Gallery of Modern Art, Glasgow, Thu 30 Oct—Sun 7 Mar

Since they began working in tandem in 1993, Matthew Dalziel and Louise Scullion have been inspired by, and investigated, the relationship between man and the natural environment. Their latest work, Storm, is a continuation of this theme, but also something of a departure. Storm draws on a quote by turn of the century environmentalist John Muir, who described nature as ‘a storm of energy, eternally flowing from use to use, from beauty to yet higher beauty.‘

‘We‘re trying to tease out the John Muir quote,‘ Dalziel explains. ‘The first thing is that all these things are interconnected, the second is the kind of beauty that Muir talks about. The idea of beauty tends to be a cultural thing that changes, but he has something interesting to say about the choreography of life itself being an incredibly beautiful thing.‘

In order to explore this choreography of life, Dalziel + Scullion worked closely with botanist Hugh Ingram. ‘We told Hugh that we were interested in reality,‘ says Dalziel. ‘Not just in the sense of what is in front of you, but also the time process that led up to what is in front of you. For instance, one of the images in the piece is of Rannoch Moor, which was created by a glacier, and you can still see that if you have the trained eye for it. Then when the glacier moved off there was a covering of peat, then a covering of forest, which then sank back into the peat. The images we made are quite simple, but they also contain enormous amounts of information about the way these time processes and geological movements created what we see today.‘ These information-rich,

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Unrealised Dreams 2003 by Beagles and Ramsay

Dalziel + Scullion explore our place in the natural world with Storm

documentary images are set to be back-projected on a grand scale in the ground floor gallery of GoMA, with one image for each day of the installation. It is here that Storm departs from Dalziel + Scullion‘s recent practice: whereas in the past the duo have relied on juxtaposition to make explicit the conflict between man and his environs, the new piece relies on context rather than contrast. ‘We‘re not so interested in mankind‘s relationship to nature this time,‘ Dalziel admits. ‘We‘re abstracting human beings from the process, we‘re trying to talk about a deeper reality, not the reality we create. It is interesting to have this juxtaposed with this building. The building will become a part of the thought process, so the context serves that function, without us having to explicitly bring that to the images.‘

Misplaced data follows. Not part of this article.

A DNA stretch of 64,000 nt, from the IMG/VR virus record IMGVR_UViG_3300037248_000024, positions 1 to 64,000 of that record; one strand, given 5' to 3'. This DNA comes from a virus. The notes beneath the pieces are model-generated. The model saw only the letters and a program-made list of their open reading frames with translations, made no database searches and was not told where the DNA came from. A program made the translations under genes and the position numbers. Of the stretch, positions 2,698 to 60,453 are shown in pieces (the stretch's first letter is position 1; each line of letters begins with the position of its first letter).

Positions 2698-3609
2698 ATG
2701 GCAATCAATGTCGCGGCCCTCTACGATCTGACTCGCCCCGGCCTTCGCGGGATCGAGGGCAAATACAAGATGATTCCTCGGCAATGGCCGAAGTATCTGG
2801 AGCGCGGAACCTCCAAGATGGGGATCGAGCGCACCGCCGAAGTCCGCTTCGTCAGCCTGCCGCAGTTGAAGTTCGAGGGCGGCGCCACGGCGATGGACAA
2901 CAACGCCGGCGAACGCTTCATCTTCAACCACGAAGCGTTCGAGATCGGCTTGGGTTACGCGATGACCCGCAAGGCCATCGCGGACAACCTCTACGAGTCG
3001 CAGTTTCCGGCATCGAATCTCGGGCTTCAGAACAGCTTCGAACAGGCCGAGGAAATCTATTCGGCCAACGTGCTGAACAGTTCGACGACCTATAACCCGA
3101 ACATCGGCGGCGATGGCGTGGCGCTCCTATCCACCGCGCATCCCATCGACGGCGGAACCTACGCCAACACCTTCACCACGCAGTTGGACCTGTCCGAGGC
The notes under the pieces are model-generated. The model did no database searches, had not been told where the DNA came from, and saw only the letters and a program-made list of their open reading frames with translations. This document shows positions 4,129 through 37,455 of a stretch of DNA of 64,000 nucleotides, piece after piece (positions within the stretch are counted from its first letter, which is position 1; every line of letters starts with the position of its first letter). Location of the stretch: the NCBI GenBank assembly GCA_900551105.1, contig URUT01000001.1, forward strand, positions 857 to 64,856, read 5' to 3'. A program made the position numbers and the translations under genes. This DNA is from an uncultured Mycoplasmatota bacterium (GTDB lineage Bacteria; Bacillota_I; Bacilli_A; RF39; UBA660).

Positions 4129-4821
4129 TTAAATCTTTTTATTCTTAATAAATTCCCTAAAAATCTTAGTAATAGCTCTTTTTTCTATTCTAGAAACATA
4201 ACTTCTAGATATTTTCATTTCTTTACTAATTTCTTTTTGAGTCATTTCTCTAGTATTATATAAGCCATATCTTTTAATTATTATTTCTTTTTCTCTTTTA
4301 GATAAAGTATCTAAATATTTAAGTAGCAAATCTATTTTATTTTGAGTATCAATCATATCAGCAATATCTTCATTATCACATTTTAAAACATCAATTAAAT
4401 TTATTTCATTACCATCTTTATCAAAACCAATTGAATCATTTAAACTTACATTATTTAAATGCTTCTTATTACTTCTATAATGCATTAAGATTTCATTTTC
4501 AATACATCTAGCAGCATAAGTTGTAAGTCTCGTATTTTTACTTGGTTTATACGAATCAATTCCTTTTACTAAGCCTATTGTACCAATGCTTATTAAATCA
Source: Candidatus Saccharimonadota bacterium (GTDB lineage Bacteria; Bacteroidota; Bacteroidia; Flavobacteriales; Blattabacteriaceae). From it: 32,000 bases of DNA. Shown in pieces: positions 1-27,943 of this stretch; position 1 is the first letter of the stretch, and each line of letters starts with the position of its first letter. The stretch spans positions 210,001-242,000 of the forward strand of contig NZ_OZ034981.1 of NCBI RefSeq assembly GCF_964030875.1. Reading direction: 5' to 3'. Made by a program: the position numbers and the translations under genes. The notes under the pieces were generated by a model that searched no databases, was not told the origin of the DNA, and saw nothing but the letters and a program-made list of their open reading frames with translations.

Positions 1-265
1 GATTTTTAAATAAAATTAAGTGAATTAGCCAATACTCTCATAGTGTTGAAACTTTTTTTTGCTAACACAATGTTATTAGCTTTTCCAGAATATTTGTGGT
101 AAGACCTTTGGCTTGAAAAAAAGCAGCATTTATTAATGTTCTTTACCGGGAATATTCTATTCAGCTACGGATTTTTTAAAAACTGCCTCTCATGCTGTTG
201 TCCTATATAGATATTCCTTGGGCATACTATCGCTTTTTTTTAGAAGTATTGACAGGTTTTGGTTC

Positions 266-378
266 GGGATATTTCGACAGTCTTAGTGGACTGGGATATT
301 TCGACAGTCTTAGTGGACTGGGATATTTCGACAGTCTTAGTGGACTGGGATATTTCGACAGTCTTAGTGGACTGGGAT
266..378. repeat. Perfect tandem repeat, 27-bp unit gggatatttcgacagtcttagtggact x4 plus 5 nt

If Storm represents a slight change of tack for Dalziel + Scullion, it also looks set to continue their long-running exploration of our place in the natural world in typically eloquent fashion, unfolding at a pace suited to the underlying reality they seek to illustrate. (Jack Mottram)

News from the world of art

Communicate at the Royal Museum

CONTEMPORARY SCOTTISH artwork will be heading down the M1 this month to be shown at the Frieze Art Fair in Regent‘s Park, London, 17—20 October. Following in the trail blazers‘ exhaust will bring you to Claire Barclay, Hanneline Visnes, Lucy Skaer and Jonathan Owen as represented by Edinburgh's doggerfisher, plus pieces from Glasgow‘s Transmission and the Modern Institute. www.friezeartfair. com

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TALKING OF TECHNOLOGY. the internet and email have been incredible resources for helping to mobilise support for Tramway‘s threatened visual art space over the last few weeks. So much so that it‘s worth mentioning the website that‘s been set up to co- ordinate the views, opinions and ideas for furthering the campaign: www.topica.com /Iists/tramway and www.ichy fingers.org/sostramway

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